required meetings without pay

I am a college student and I work as a waitress to pay my bills as I further my education. My employer requires that everyone attend one or two meetings twice a month on a Saturday afternoon when the restaurant is not normally open for business. He refuses to pay us for these one or two hour meetings. When we have clocked in before the meeting began and clocked out afterwards, he has gone in behind us and taken away that time as if it didn't happen. My question is two parts. One, is it legal to threaten to fire, fire, or write a person up for not attending one of these meetings since we are not getting paid for our time? Second, is it legal to go in and alter people's times like that just because they don't feel like paying us for that time?

1 answer  |  asked Apr 30, 2003 10:50 PM [EST]  |  applies to North Carolina

Answers (1)

Reagan Weaver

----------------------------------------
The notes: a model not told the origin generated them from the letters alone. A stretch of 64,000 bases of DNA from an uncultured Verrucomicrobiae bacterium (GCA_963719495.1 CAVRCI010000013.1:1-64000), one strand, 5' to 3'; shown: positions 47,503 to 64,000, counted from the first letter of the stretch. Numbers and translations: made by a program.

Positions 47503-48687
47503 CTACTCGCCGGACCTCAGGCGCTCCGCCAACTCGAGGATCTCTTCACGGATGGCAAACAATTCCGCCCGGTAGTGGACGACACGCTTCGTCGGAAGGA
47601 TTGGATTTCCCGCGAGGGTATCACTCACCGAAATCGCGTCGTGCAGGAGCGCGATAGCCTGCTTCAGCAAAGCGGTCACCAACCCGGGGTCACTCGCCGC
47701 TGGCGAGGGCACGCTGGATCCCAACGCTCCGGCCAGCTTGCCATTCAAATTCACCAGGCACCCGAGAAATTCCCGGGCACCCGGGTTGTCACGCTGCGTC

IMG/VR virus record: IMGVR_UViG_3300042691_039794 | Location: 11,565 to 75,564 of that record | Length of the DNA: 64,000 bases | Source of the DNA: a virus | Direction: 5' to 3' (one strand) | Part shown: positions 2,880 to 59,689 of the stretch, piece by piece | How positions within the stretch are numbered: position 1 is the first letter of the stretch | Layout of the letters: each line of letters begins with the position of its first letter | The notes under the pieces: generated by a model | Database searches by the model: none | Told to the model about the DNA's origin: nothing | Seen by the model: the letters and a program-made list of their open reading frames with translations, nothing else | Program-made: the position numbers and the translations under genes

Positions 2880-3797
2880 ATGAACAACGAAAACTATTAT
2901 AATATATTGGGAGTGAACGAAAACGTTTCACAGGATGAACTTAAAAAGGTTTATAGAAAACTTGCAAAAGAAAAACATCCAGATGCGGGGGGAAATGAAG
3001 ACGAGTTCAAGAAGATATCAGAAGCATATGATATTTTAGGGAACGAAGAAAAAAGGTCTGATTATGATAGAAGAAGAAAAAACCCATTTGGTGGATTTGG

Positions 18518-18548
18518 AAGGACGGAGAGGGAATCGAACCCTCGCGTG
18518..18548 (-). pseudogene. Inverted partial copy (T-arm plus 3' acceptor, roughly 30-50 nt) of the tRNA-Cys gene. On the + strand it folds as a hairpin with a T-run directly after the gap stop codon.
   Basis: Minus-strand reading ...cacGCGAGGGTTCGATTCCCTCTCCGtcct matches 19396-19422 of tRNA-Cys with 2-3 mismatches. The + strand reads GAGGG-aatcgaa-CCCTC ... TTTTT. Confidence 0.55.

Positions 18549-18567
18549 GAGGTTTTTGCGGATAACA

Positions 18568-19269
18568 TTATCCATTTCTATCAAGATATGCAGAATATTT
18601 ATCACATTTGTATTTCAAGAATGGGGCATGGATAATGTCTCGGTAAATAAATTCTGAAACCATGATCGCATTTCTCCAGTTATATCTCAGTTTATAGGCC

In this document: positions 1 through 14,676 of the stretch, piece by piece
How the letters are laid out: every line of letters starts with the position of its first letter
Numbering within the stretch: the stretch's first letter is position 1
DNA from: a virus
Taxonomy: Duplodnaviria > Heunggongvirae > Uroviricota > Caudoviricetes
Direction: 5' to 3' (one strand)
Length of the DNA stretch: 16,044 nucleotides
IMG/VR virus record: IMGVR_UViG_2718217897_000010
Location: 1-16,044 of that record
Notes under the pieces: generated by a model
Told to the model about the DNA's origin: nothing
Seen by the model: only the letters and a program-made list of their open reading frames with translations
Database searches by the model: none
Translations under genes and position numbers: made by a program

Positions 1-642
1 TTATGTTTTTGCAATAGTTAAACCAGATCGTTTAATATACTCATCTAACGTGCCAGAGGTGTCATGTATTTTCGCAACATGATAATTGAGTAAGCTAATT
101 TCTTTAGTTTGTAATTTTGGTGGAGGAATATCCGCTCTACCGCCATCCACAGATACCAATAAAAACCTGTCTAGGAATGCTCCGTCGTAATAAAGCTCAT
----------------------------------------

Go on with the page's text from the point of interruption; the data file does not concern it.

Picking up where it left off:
Unpaid meetings

The easiest way to get a definite answer to the question of whether they can refuse to pay you for meetings that you are required to attend is to call the NC Dept of Labor at 807.2801. This agency administers the NC laws relating to wages. I don't think this is legal, but NCDOL can tell you for sure. Wait staff can be paid differently because of tipping. Because of this, I am not certain whether you are being treated legally.

It is definitely illegal for them to fire you because you make a complaint that they are not paying you according to the law. However, you would be wise to seek counsel before you complain to make sure that if you are fired you have taken steps to protect yourself in advance. Preservation of evidence is crucial to proving that you have been retaliated against.

For the record, Chap 95-241 of the NC General Statutes says that, "No person shall discriminate or take any retaliatory action against an employee because the employee in good faith does or threatens to do any of the following: File a claim or complaint, initiate any inquiry, investigatiion, inspection, proceeding or other action, or testify or provide information to any person with respect to any of the following:" In the list that follows, is NC's wage and hour act.

Good luck to you.

Reagan Weaver

posted by Reagan Weaver  |  May 1, 2003 09:13 AM [EST]

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